The trade cases established by various industries, like fasteners, have resulted in suitably securing the local industry with an appropriate trade remedy.

The Neasa CEO calls on the government to “reverse this protectionist strategy … in order to increase competition”.

Yet the reality today is that globally, governments are moving to protect their steel and manufacturing industries with increased trade barriers against the Chinese and Asian onslaught.

For example, the US has increased tariffs to 25% on steel from China. Europe applies tariffs as well as a carbon border adjustment mechanism (CBAM carbon tax) on imported steel beyond a certain quota which is normal trade.

Brazil has imposed 25% on imports from China. Vietnam, which imports almost a third of its steel requirements from China, has also imposed 25% duties on Chinese steel.

South Africa needs to preserve its steel industry as the backbone of its manufacturing industrial economy. The perspective is also echoed by consumers in countries which import their steel from South Africa, such as in the East Africa Community.

The ready availability of quality local made steel also provides a significant competitive edge to local manufacturing compared to manufacturers in countries struggling with currency availability and logistics issues such as port waiting times of 30 days, with two months of supply stuck in port and manufacturers running out of stock to produce.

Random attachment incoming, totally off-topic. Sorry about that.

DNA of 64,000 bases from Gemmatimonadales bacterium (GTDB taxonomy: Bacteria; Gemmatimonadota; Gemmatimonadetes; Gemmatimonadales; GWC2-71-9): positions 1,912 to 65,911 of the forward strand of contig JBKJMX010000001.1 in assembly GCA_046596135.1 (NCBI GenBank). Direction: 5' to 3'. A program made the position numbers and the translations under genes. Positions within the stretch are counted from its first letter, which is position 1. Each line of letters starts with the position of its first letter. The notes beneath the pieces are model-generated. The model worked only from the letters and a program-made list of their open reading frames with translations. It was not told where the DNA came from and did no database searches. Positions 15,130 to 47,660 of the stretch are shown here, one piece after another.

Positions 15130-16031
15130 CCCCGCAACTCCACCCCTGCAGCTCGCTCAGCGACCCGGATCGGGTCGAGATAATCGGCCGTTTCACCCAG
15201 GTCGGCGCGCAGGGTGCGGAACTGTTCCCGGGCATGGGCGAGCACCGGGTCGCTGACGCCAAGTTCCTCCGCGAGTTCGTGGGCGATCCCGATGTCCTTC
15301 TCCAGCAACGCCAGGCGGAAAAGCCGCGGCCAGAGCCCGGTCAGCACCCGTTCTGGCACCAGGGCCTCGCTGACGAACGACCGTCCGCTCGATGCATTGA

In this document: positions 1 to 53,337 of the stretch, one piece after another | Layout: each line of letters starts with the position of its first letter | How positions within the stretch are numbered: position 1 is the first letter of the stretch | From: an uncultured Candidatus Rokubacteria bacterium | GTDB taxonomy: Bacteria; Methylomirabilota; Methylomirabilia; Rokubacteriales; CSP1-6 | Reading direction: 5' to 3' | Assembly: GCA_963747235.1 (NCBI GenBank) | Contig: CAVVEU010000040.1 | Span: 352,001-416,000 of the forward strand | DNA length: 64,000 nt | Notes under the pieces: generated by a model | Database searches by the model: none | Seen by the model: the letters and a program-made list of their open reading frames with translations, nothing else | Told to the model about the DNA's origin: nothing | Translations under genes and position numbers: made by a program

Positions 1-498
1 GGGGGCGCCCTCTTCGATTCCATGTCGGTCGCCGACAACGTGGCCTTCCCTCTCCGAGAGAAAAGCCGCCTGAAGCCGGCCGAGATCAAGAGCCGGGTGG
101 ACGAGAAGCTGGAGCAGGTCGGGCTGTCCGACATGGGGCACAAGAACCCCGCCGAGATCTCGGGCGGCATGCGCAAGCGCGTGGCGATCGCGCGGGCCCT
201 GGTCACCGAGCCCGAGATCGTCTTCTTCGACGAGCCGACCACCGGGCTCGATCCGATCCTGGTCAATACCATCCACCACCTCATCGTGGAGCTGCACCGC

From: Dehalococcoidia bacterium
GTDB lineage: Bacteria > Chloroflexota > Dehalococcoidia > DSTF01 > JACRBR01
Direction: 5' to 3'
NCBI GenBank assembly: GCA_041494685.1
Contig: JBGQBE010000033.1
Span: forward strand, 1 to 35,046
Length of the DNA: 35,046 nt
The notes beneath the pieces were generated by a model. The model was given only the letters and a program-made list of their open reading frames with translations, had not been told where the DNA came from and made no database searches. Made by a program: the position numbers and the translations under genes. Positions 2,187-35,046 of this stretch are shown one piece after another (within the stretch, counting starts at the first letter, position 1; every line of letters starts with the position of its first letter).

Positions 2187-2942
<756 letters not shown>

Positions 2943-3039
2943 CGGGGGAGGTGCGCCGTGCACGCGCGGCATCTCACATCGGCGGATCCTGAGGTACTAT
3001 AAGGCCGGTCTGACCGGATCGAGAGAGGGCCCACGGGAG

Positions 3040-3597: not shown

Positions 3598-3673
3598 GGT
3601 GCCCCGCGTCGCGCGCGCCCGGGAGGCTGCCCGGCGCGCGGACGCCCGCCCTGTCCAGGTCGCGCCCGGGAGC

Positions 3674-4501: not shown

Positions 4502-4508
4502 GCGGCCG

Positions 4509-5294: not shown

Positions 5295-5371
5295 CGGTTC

Contrary to the Neasa CEO’s contention and insinuation, with respect to competition, there is plenty of it locally.

Indeed, there is sufficient competition in South African local supply practically on all products with two flat steel producers, two re-rollers and 12 long steel product producers. The competition is stiff and healthy.

In this context too, the Neasa CEO may wish to take note of the role of Itac, which is to follow a developmental or strategic approach to tariff setting with the objective of promoting domestic manufacturing activity, employment retention and creation and international competitiveness.

Tami Didiza is group manager for Stakeholder Management and Communication at ArcelorMittal South Africa based at its head office in Vanderbijlpark.